Thursday, June 21, 2012

"DEFROUTE" in RHEL, CentOS or Fedora - a usage case for eth0

Here is the situation: There is a user with a remote office that includes networking equipment like printers, backup server etc. He uses a company provided CentOS laptop as the gateway for his network via a cell card since there is no other cheaper option available to get him connected. He travels with the laptop often and I don't need access to the equipment at his office unless he's there. The user always connects either via WIFI or a cell card for VPN connection depending on what is available. The laptop is running openvpn and is connecting to our company's openvpn server. No problem... until I want to also connect the laptops ethernet cable and use NetworkManager and use a DHCP server for the eth0... That's when the VPN drops and the laptop now has an incorrect default route. What's odd is that order of interface startup does not matter... dhcp on eth0 wins no matter what... bummer.

What's happening? Well, normally with DHCP, the client is given a default route as part of the information exchange. That eth0 default route takes over. It's just that simple... unless you give the networking system guidance on what to do in the form of the "DEFROUTE" option. The option has been around for a long time. The current Red Hat Enterprise Linux 6 Deployment Guide has DEFROUTE option hidden in the 8.2.4. Dialup Interfaces section. Here is a chunk of the information from the guide:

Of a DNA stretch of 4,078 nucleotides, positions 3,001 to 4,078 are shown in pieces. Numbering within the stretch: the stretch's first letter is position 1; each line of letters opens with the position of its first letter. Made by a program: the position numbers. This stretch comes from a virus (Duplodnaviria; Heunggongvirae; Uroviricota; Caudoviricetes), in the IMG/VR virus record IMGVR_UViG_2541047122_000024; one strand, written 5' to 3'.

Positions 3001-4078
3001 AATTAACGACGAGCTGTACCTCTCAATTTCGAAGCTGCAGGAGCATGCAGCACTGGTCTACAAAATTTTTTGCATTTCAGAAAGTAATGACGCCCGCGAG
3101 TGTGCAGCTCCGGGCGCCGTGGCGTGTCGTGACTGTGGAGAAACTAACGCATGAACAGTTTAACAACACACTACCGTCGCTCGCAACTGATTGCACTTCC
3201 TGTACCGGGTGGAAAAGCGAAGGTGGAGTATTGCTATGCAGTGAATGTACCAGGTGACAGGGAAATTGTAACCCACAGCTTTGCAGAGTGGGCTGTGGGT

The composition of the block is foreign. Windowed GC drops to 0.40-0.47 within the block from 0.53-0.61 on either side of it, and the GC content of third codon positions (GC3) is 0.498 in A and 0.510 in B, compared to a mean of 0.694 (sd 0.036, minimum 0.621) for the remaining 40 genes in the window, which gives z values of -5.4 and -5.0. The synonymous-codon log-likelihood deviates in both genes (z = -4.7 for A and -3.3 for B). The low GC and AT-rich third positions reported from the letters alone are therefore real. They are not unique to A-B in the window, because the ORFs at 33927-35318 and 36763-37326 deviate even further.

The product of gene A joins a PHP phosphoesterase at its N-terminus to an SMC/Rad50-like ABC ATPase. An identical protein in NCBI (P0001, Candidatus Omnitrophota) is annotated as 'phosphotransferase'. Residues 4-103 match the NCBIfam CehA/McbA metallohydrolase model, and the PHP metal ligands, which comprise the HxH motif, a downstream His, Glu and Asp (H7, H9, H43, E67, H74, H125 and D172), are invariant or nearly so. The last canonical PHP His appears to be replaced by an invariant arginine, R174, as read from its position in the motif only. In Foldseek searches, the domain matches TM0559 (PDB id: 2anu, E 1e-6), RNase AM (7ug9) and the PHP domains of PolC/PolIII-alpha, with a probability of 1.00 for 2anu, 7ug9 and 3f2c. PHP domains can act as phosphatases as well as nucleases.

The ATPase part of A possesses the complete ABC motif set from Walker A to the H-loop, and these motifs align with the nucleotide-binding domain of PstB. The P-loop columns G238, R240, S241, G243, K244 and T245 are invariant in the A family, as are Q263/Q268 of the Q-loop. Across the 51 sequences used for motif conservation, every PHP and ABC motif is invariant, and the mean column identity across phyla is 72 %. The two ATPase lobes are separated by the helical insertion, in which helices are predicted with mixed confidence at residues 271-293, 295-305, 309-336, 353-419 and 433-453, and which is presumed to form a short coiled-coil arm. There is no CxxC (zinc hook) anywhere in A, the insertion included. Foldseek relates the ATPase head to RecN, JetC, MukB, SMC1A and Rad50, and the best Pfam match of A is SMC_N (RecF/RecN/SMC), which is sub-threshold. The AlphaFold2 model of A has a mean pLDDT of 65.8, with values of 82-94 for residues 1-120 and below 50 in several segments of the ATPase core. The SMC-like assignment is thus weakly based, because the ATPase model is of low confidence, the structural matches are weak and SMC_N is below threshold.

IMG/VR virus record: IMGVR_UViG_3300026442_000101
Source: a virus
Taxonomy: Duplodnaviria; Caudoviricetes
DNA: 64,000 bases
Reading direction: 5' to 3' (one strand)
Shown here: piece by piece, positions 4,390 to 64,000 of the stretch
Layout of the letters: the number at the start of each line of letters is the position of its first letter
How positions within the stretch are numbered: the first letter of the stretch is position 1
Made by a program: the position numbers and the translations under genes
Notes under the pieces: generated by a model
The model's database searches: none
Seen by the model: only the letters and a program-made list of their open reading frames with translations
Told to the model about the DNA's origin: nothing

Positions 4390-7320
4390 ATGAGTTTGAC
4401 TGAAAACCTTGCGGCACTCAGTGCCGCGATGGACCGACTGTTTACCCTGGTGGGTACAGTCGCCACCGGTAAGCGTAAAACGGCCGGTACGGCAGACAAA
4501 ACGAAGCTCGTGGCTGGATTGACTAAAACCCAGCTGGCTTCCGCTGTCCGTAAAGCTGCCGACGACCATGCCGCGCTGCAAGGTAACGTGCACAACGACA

where answer is one of the following:
  • yes — Set this interface as the default route.
  • no — Do not set this interface as the default route.         

In the past, I did not use the DEFROUTE option. I found that I could just statically assign the eth0 and *not* let NetworkManager have access to it (NM_CONTROLLED=no). In fact with Centos (and the like), NM seems to get disabled as a generally rule.

Also, if this was a server or I wanted to statically assign the interface, it would not be an issue. Just one of those fringe usage cases.

Thursday, June 14, 2012

LTSP 5.2.x rsh server on client install, setup and HOWTO

Don't start with the, "rsh is bad..." message. I know, I know! It's an internal test network and was just easy to do for remote client checking. Besides, the "ltsp-localapps" only works for the logged in user and does not allow for arbitrary root user interaction with the client. If there is a built-in way to do this, let me know. At some point, I may try sshd client setup.

I am using CentOS 6.x as the server OS and customize the client build to be CentOS 6.x also. LTSP 5.2 is the software from k12linux at fedorahostedI don't think that affects the directions below in any way, however. And if this looks like part of a script, you would be correct.

Change the LTS_HOME variable to your own LTSP client build location on the server as required:
export LTS_HOME="/opt/ltsp/i386"

Check to make sure rsh is allowed in securetty for the client:
grep -q "^rsh" $LTS_HOME/etc/securetty && echo rsh >> $LTS_HOME/etc/securetty

Get rsh-server installed into you chroot'd environment:
Option 1 (re)creates the client build to have rsh-server instaled and includes future builds:
edit the "/etc/ltsp/kickstart/Fedora/common/release/el6.ks" and add "rsh-server" *before* the "%end" line. Then (re)run the ltsp-build-client and ltsp-server-tweaks as if a new install:
ltsp-build-client 2>&1 |tee /tmp/ltsp-build-client.out-`date +%Y%m%d%H%M`
setarch i386 chroot .
chkconfig rsh on

Option 2 install and setup the rsh-server for this client build only:
setarch i386 chroot .